Kapi-Mana News : May 17th 2011
INSIDE WELL READ Writer shares his stories 2 CLINIC SUCCESS Healing the wounds 3 SPILL THE BEANS Fair trade campaign 5 DOWN TO THE LINE Chatham Cup nailbiter 37 INDEX Letters ................................ 8 Toddler in Tow.................... 12 Cinemaddict ...................... 19 Weekly Workout ................. 20 Talking Politics ................... 26 Classified .......................... 29 Sport ................................ 36 CALL US Phone 04 237 8118 Fax 04 237 8552 Address Ground Floor BNZ Tower, Hartham Place, Porirua Email email@example.com firstname.lastname@example.org richard.gordon- @fairfaxnz.co.nz TUESDAY, MAY 17, 2011 PORIRUA CITY & TAWA www.kapimananews.co.nz Councils hit hard by insurance shortfall By KRIS DANDO Homeowners are not the only ones waiting nervously to see how much annual insurance premiums rise, with Porirua City Council anticipat- ing an increase of $100,000. A report from the council s cor- porate services general manager, Euan Dempsey, to the audit and risk subcommittee last week, noted that while Australia and New Zea- land contribute 0.5 per cent annu- ally to the global insurance market, this was set to rise to 16 per cent following floods in Queensland and earthquakes in Christchurch. Insurance companies in this country are facing mounting pres- sure from their own insurers to meet costs that will be calculated in the billions. The council s main insurance is organised through their broker AON, and is one of 59 councils across the country that has its underground infrastructure -- such as stormwater and sewer pipes -- covered by the Local Authority Pro- tection Programme (LAPP). In the event of a disaster, the LAPP fund covers 40 per cent of repairs, with the government cover- ing the remainder. However, Mr Dempsey said this fund had been cleared out after the February 22 earthquake and the 59 councils have no cover till June 30. The absence of the 40 per cent contribution from LAPP -- which is reportedly struggling to get re-insurance -- will pose a major funding challenge , he said. It leaves everyone in this scheme very exposed. From our perspective it s very serious. For the 2011-12 financial year, LAPP is proposing central govern- ment cover 90 per cent instead of 60, but no assurances have been forthcoming. Subcommittee chairman Ken Douglas said the heat needed to be turned up on National to ensure local authorities have adequate pro- tection should another natural disaster occur. The situation is pretty dire, he said. One significant event has exposed all these councils and we need the government to address this now. The council pays premiums of $58,000 towards LAPP and $200,000 to AON for coverage of buildings, vehicles and business interruption. The latter cost is expected to rise by 50 per cent, Mr Dempsey said. The advice we re getting is that it could be an extra $100,000, but we don t know the numbers yet. We hope to be in a position when the annual plan is finalised to see how council s budgets might be impacted. Crucially, the subcommittee report noted any rise in premiums would probably be met through operational savings . This could mean council services were in the firing line, Mr Douglas said What are we going to cut out? Our abilities to maintain things like rubbish collection could be affected and we have to prioritise things that are our bread-and-butter. It s reducing governance to gambling, and that s what I don t like. The costs of re-insurance [to the insurance companies] is the issue the world over and someone has to pay. I don t believe it should be local government; central gov- ernment need to step up here. Since the council s administration building pre-dates the 1980s, cover- ing it for earthquakes would see a substantial increase in premiums, the report said. Savings options included higher excesses. A meeting of LAPP fund members this week should provide updates on any government guarantees, Mr Dempsey said. 'Raw talent' wins the part Role play: TJ Misa has the ability to ''switch on'' very quickly, his performing arts teacher says, and Kapi-Mana News can attest to that. Witnessing him belt out a few lines from Trainspotting showed he has the ability, but his Scottish accent may need work. By KRIS DANDO Remember the name TJ Misa -- he s likely to pop up on your tele- vision screen one day. The Year 13 Porirua College student has landed a role in the Young and Hungry festival play Disorder, on at Bats Theatre, Wellington, in July. At the time of auditioning, TJ was 16, one of just two school- aged students to be taking part. The other, Ropina Eni, was also from Porirua College. The other 80 hopefuls were mainly of university age, up to 25 years old, but his openness and raw talent won over judges, says his performing arts teacher Karl Payne. TJ can take direction and criticism in a positive way. He s confident but not cocky and a very quick learner. I think he could go a long way as an actor. Mr Payne told TJ to have a go and the young man said he entered auditions, at Toi Poneke back in March, with little fear. I prepared a monologue [from a play he had studied at college last year] and the judges were smiling, TJ said. I acted as this guy who has missed out on a big part of his life. I found it easy, I just really love getting into character and pretending to be someone else. I can feel what they are feel- ing in my heart. The Young and Hungry festival started in 1994, a series of plays designed to give young people (usually aged 15 to 25 years) the chance to participate in a professional theatre environment. Along with inex- perienced actors, the off-stage elements like lighting and make- up are carried out by young people. Experienced directors oversee the productions. TJ can t let on too much about Disorder, with script details kept under wraps until they open. TJ has two roles, with rehearsals starting this week. Opening night is bound to be one he will not forget. My whole school is coming along to support me. I m looking forward to it hard-out, he said. Mr Payne sees it as a great chanceforTJtobeapartofa professional environment and hopes it will be a good taster for a future career.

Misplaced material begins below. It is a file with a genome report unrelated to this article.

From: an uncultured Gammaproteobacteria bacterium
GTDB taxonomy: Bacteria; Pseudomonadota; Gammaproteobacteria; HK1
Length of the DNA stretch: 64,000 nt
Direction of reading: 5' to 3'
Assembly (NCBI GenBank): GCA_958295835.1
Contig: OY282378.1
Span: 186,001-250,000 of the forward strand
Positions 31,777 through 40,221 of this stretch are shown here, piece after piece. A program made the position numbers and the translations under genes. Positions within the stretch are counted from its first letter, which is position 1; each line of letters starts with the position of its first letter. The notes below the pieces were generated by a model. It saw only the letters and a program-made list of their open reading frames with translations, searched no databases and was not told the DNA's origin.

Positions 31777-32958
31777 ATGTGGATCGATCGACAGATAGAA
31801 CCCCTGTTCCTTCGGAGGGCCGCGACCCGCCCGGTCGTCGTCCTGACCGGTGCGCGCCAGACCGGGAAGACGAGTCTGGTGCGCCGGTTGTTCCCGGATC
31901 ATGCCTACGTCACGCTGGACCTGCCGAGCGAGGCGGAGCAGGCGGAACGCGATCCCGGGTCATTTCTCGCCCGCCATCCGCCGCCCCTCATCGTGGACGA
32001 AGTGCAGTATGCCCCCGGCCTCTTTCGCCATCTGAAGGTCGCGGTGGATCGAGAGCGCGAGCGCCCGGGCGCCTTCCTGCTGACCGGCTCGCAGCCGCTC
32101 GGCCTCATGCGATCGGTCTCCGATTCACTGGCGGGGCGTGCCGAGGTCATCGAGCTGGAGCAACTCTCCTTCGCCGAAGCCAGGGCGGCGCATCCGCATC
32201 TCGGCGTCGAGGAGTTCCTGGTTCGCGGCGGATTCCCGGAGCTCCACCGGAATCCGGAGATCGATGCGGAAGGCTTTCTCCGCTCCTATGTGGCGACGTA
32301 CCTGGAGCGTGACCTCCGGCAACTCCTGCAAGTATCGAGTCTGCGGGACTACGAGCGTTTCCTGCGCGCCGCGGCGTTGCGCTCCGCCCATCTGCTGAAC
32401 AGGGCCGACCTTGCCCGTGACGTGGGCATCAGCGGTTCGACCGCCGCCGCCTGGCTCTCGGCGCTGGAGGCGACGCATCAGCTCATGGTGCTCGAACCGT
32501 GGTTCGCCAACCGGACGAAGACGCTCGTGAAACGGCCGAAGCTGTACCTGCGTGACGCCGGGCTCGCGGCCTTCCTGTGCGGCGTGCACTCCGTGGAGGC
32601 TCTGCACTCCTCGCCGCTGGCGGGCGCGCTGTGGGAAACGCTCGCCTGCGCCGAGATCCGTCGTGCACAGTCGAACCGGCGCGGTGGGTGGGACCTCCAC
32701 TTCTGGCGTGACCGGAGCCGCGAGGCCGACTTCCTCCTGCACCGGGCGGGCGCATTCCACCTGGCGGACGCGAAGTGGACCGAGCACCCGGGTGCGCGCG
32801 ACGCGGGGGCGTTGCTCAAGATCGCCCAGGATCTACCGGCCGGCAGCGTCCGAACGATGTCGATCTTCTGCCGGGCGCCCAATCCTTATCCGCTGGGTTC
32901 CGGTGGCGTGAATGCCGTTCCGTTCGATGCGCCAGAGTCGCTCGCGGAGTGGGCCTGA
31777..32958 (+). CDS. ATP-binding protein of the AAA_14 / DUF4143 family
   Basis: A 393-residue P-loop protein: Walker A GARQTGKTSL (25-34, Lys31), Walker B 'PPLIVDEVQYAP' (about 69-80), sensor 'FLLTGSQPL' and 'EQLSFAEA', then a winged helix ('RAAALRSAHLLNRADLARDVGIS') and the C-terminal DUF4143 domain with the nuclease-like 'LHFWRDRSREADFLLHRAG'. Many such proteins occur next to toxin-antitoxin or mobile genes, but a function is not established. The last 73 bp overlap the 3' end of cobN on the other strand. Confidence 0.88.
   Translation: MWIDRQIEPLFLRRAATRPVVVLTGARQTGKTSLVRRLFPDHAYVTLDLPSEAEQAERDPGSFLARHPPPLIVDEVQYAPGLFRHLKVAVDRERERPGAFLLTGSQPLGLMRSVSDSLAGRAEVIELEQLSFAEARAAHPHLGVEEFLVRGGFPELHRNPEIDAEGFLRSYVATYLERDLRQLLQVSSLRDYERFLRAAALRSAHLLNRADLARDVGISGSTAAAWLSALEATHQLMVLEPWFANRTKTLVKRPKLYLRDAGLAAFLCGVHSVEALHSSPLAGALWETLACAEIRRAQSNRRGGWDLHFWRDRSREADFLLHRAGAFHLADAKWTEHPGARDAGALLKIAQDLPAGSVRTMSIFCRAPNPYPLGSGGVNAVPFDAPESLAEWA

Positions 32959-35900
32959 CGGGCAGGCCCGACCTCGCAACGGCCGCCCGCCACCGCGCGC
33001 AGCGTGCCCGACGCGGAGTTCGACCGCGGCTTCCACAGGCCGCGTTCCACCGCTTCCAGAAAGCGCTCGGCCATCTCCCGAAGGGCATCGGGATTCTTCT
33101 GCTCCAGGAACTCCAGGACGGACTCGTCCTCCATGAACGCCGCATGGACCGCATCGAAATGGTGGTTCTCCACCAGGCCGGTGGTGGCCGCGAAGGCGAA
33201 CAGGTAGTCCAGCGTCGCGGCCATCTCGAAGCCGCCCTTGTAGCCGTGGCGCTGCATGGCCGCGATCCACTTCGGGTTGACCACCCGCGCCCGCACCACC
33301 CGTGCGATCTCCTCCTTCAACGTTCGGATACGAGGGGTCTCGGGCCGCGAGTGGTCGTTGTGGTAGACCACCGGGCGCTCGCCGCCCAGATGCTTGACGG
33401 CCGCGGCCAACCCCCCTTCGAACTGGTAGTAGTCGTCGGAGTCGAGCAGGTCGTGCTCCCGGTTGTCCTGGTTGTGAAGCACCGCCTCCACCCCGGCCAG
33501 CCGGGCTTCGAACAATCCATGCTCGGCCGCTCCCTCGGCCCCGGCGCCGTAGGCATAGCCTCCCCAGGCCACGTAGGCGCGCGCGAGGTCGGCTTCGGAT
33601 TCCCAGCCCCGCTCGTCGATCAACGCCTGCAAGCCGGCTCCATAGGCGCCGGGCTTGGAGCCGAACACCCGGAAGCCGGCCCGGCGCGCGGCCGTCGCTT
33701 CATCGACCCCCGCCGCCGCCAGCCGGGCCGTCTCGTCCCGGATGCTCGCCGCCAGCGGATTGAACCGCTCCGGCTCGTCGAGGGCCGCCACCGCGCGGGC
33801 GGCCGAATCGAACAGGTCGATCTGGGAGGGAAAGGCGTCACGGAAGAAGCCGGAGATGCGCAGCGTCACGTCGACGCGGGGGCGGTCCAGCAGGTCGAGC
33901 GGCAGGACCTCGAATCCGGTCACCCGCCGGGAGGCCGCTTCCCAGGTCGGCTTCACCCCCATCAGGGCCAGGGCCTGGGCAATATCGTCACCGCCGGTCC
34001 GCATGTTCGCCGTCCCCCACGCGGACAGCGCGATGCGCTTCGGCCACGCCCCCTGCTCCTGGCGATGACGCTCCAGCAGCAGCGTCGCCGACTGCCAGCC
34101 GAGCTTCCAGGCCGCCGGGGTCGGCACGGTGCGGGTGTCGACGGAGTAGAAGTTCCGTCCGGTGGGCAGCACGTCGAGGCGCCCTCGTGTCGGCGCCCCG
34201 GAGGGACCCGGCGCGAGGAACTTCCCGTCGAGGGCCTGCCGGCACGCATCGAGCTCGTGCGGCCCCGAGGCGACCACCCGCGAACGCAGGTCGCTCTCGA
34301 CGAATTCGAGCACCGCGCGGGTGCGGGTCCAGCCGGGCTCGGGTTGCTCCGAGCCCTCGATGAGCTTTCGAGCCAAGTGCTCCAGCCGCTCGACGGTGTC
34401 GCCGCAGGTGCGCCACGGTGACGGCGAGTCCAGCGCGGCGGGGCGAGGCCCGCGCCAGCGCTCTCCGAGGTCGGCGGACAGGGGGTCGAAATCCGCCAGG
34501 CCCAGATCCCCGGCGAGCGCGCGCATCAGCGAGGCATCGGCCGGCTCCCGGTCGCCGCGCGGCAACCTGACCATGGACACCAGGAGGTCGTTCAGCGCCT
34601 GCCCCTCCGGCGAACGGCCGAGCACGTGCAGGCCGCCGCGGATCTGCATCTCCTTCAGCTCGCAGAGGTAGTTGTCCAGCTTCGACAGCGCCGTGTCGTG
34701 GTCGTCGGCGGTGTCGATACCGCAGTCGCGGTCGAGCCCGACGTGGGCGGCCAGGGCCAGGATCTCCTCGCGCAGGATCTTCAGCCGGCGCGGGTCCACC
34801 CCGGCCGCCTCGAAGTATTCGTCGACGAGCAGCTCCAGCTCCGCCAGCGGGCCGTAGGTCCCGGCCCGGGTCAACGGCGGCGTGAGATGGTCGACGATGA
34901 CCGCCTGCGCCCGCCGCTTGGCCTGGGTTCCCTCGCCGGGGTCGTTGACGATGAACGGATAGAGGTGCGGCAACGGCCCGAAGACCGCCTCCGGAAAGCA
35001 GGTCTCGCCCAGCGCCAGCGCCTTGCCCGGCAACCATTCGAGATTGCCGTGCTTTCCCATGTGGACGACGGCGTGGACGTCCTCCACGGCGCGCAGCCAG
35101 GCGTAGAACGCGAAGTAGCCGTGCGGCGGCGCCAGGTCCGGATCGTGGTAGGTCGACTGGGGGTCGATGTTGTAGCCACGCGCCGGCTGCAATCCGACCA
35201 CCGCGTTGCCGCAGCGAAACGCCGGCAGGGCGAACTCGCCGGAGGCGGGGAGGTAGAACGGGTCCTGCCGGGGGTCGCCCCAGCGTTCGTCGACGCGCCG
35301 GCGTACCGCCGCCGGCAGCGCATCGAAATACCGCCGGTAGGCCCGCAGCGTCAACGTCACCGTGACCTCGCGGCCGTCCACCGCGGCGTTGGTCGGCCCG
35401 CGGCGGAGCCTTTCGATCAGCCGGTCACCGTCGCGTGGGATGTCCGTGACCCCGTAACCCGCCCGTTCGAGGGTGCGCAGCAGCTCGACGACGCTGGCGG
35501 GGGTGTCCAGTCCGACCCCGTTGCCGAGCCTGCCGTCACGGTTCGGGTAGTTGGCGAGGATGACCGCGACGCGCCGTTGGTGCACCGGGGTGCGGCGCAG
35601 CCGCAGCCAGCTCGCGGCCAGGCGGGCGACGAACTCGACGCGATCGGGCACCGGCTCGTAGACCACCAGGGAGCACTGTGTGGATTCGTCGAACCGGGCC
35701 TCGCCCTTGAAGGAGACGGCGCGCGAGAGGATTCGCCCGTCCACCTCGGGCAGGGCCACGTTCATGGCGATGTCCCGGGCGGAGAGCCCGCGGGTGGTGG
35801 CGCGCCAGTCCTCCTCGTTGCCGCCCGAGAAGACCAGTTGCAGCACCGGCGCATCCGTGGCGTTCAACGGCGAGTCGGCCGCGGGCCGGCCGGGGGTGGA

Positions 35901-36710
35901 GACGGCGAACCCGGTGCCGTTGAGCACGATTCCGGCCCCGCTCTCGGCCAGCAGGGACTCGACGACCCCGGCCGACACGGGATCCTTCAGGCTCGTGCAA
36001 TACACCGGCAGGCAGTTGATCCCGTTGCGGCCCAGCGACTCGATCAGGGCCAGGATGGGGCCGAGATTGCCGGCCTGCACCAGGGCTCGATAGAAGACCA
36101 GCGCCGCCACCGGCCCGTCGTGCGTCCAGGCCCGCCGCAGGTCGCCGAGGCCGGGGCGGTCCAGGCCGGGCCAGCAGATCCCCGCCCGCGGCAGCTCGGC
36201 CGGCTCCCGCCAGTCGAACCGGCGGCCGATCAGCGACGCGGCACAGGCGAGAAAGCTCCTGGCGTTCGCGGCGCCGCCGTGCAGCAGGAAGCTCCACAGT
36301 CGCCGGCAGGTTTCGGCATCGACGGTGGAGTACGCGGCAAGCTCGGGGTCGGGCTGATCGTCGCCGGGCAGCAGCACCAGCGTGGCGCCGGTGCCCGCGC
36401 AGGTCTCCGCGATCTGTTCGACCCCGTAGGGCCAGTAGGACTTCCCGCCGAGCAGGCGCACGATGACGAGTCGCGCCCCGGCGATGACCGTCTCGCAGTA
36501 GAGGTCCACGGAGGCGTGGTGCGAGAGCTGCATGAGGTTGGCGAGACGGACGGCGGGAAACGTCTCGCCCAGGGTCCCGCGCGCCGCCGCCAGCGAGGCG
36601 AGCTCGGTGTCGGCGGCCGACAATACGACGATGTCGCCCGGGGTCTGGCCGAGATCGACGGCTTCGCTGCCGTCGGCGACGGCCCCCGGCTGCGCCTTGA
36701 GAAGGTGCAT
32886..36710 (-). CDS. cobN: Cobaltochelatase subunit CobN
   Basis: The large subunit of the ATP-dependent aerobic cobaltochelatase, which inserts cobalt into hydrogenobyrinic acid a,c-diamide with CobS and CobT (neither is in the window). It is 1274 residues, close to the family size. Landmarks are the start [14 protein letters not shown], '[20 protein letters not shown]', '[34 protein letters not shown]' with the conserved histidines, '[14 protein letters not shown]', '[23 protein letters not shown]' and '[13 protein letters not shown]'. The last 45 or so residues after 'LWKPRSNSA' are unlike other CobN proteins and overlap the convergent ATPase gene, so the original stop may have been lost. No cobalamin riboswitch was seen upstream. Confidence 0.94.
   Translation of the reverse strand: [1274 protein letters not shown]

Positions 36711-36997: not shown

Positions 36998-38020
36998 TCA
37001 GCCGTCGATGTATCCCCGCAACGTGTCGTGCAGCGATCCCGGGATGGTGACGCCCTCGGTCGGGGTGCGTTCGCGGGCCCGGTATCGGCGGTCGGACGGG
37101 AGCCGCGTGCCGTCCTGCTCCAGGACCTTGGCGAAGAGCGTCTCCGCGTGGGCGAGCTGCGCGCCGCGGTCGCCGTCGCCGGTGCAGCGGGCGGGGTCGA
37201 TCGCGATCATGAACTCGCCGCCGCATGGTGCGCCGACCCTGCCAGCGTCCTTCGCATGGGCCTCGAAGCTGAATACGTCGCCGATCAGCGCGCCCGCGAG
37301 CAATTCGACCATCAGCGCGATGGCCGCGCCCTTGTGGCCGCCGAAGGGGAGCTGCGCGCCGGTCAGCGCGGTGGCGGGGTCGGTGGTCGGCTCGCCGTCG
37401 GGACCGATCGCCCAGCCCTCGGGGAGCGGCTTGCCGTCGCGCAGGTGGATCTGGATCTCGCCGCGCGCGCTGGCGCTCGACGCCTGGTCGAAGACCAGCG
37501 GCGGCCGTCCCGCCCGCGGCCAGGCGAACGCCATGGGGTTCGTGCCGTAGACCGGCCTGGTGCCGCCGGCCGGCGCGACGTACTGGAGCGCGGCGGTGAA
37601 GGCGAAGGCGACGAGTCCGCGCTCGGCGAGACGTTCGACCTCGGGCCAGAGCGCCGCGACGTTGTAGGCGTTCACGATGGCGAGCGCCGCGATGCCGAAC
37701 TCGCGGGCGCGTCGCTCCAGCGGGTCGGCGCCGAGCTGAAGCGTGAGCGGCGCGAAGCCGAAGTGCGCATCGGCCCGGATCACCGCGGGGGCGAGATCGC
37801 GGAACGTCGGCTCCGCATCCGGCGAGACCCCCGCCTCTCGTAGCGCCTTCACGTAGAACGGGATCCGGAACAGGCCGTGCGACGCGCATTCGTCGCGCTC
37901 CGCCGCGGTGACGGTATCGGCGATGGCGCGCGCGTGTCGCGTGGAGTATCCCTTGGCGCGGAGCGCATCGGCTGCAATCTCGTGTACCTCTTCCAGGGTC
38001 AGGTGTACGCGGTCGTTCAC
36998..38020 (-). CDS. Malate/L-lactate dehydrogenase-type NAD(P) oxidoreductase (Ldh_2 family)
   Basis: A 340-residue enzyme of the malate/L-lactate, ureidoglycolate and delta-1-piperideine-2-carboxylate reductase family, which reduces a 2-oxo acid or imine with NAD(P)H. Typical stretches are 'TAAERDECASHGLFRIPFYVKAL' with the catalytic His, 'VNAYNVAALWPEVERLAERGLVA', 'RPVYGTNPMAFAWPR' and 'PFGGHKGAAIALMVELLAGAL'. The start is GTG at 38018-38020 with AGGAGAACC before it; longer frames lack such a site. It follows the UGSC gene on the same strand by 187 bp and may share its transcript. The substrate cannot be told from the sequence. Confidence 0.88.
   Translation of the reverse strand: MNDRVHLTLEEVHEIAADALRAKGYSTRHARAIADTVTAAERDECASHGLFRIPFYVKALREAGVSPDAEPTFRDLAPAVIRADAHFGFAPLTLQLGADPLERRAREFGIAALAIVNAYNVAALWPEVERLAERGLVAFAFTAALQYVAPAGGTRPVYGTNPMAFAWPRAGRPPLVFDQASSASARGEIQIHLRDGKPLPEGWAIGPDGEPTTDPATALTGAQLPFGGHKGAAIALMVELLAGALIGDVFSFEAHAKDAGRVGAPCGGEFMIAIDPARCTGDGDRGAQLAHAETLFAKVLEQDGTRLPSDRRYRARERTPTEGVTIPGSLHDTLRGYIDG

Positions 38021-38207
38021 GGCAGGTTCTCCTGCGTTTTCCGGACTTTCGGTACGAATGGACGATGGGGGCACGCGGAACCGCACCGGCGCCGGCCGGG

May 24th 2011